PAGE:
The Boeing MQ-25A Stingray unmanned carrier air-to-air refuelling system has successfully conducted refuelling trials with a US Navy Lockheed Martin F-35C fighter.
The September 13 test with the F-35C represents the third aircraft type the Boeing-owned MQ-25 concept demonstrator – designated T1 – has successfully refuelled, after a Boeing F/A-18F Super Hornet in June, and a Northrop Grumman E-2D Hawkeye AEW&C aircraft in August. All three types most commonly make up a US Navy carrier air wing when deployed.
“Every test flight with another Type/Model/Series aircraft gets us one step closer to rapidly delivering a fully mission-capable MQ-25 to the fleet,” the US Navy’s Unmanned Carrier Aviation program manager, Capt Chad Reed said in a release. “Stingray’s unmatched refueling capability is going to increase the Navy’s power projection and provide operational flexibility to the Carrier Strike Group commanders.”
Boeing’s MQ-25 program director, Dave Bujold added, “This flight was yet another physical demonstration of the maturity and stability of the MQ-25 aircraft design. Thanks to this latest mission in our accelerated test program, we are confident the MQ-25 aircraft we are building right now will meet the Navy’s primary requirement – delivering fuel safely to the carrier air wing.”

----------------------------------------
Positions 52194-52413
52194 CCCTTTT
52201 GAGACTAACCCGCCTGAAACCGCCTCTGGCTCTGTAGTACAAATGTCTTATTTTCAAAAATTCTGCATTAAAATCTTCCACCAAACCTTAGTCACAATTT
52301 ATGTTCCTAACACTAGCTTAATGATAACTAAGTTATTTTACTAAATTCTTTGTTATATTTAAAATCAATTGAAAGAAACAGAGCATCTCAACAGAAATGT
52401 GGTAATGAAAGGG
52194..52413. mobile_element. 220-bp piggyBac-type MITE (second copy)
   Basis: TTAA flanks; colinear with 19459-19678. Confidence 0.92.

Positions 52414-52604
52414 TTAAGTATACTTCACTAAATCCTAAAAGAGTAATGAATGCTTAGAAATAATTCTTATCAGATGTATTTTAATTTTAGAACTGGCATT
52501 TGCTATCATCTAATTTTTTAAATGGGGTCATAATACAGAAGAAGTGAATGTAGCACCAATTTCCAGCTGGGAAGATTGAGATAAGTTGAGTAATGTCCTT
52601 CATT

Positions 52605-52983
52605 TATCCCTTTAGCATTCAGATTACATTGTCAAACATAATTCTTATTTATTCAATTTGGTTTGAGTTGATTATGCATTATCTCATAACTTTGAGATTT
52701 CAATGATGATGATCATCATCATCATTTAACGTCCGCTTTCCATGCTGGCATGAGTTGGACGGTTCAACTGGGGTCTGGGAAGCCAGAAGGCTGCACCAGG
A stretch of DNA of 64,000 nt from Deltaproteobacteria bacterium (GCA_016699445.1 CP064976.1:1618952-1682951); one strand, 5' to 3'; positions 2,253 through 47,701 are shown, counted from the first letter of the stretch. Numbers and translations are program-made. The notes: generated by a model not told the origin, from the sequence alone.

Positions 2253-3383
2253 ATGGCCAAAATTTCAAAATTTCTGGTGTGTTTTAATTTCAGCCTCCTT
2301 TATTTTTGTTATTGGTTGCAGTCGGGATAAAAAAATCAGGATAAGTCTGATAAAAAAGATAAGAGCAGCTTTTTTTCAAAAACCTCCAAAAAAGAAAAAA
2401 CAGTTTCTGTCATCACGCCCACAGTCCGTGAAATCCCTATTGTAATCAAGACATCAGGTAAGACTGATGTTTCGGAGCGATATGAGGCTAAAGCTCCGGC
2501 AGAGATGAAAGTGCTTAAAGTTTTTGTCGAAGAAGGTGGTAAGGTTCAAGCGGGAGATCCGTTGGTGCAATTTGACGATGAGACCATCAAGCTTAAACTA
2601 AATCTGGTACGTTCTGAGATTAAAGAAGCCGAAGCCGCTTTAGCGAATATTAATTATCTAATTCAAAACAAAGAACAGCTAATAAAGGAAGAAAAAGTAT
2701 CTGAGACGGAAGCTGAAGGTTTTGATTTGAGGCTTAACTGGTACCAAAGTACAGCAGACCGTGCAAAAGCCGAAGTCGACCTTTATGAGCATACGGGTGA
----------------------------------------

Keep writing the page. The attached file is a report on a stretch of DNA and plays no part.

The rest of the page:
T1 first flew in September 2019, and has so far completed more than 120 flight test hours. The initial US$805m (A$1.1bn) contract was awarded to Boeing in August 2018 and covers the design, development, fabrication, test, and delivery of four MQ-25A Stingray engineering and manufacturing development (EMD) air vehicles and three system demonstration articles, and includes the system’s integration into the carrier air wing.
The US Navy has a requirement for 69 operational MQ-25As in total, with the requirement of an initial operational capability (IOC) by 2024.